Nyquist Stability Criteria


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1 Nyquist Stability Criteria Dr. Bishakh Bhattacharya h Professor, Department of Mechanical Engineering IIT Kanpur Joint Initiative of IITs and IISc  Funded by MHRD
2 This Lecture Contains Introduction to Geometric Technique for Stability Analysis Frequency response of two second order systems Nyquist Criteria Gain and Phase Margin of a system Joint Initiative of IITs and IISc  Funded by MHRD
3 Introduction In the last two lectures we have considered the evaluation of stability by mathematical ti evaluation of the characteristic ti equation. Routh s test t and Kharitonov s polynomials are used for this purpose. There are several geometric procedures to find out the stability of a system. These are based on: Nyquist Plot Root Locus Plot and Bode plot The advantage of these geometric techniques is that they not only help in checking the stability of a system, they also help in designing controller for the systems. Joint Initiative of IITs and IISc Funded by MHRD 3
4 Nyquist tplot is based on Frequency Response of a Transfer Function. Consider two transfer functions as follows: s 5 s 5 T 1 ( s ) ; T ( s ) s 3s 2 s s 2 The two functions have identical zero. While for function 1, the poles are at 1 and 22 respectively; for function 2, the poles are at +1 and 2. 2 Let us excite both the systems by using a harmonic excitation of frequency 5 rad/sec. The responses of the two systems are plotted below: Stable Frequency Response of T 1 Unstable Frequency Response of T 2
5 Frequency Domain Issues Consider a closed loop system of plant transfer function G(s) and Feedback transfer function H(s) respectively. The closed loop transfer function corresponding to negative feedback may be written as: G(s) ( ) T ( s) 1 G( s) H ( s) Poles of 1+G(s)H(s) are identical to the poles of G(s)H(s) Zeroes of 1+G(s)H(s) are the Closed Loop Poles of the Transfer Function If we etake eaco Complex pe Number in the esp splane and substitute tute it into a Function F(s), it results in another Complex Number which could be plotted in the F(s) Plane.
6 Cauchy Criteria Mapping: A Clockwise contour in the splane results in Clockwise contour in the F(s) plane if it contains only zeros A Clockwise contour in the splane results in anticlockwise contour in the F(s) plane if it contains only poles If the contour in the splane encloses a pole or a If the contour in the s plane encloses a pole or a zero, it results in enclosing of the origin in the F(s) plane
7 Example: A Clockwise Contour in the splane for G(s) = sz 1 Reference: Nise: Control Systems Engineering
8 Example: A clockwise contour around a Righthalf Plane Pole for a function G(s) = 1/(sp 1 ) Reference: Nise: Control Systems Engineering
9 Nyquist Stability Criteria Number of Counterclockwise (CCW) rotation N = P c Z c (P c no. of enclosed poles of 1+ G(s)H(s) and Z c no. of enclosed zeroes) For a Contour ou in s plane pa mapped through the entire eright half plane of open loop transfer function G(s) H(s), the number of closed loop poles Z c (same as the open loop zeros) in the right half plane equals the number of open loop poles P c in the right half plane minus the number of counterclockwise revolution N around the point 1 of the mapping. Z c = P c N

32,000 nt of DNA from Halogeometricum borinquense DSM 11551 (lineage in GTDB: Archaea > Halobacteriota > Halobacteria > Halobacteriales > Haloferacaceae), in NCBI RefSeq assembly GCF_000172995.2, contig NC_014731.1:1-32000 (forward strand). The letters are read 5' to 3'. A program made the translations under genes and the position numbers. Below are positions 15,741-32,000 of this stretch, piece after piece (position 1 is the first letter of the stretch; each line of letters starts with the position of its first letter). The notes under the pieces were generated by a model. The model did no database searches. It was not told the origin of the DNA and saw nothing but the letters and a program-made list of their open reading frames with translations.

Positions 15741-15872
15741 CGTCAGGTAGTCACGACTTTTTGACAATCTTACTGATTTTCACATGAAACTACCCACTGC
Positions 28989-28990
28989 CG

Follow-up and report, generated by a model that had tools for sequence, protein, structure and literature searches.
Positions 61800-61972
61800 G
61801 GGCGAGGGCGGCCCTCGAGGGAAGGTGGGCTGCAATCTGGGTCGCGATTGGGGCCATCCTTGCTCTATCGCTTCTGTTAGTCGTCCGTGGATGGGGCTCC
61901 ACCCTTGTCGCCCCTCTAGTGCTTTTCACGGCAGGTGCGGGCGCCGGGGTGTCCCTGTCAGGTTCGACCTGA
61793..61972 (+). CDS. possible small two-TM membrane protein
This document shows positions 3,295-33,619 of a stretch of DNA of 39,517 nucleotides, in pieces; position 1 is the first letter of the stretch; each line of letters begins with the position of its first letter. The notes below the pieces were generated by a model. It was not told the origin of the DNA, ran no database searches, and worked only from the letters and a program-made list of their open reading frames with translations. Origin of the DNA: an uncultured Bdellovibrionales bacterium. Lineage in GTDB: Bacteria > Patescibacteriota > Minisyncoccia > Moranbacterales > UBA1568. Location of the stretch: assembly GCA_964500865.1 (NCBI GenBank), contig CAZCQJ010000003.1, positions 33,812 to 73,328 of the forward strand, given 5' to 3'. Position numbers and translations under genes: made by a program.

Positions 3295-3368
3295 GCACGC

10 Consider a plant transfer function G(s) as follows: 2 s 12s 24 G ( s ) 2 s 8s 15 For a unity feedback closed loop, find using Nyquist Criteria whether the system will be unstable at some values of K. (Vary K from 0.5 to 10)
11 The Nyquist diagram corresponding to unity Gain and the root locus are shown below for your reference. 0.4 Nyquist Diagram 0.4 Root Locus Imaginary Axis aginary Axis (seconds 1 ) Im System: tf1 Gain: 0.51 Pole: Damping: 1 Overshoot (%): 0 Frequency (rad/s): Real Axis (seconds 1 ) Real Axis Joint Initiative of IITs and IISc Funded by MHRD 11
12 Gain Margin The gain margin is the factor by which the gain can be raised such that the contour encompassed the unity point resulting in instability of the system. Following the figure below, gain margin is the inverse of the distance shown in the figure.
13 Phase Margin The Phase Margin is the amount of phase that needs to be added to a system such that the magnitude will be just unity while the phase is The figure below is showing theta to be the phase margin. Often control engineers consider a system to be adequately stable if it has a phase margin of at least 30 0.
14 Special References for this lecture Control Engineering and introductory course, Wilkie, Johnson and Katebi, PALGRAVE Control Systems Engineering Norman S Nise, John Wiley & Sons Modern Control Engineering K. Ogata, Prentice Hall Joint Initiative of IITs and IISc Funded by MHRD 14
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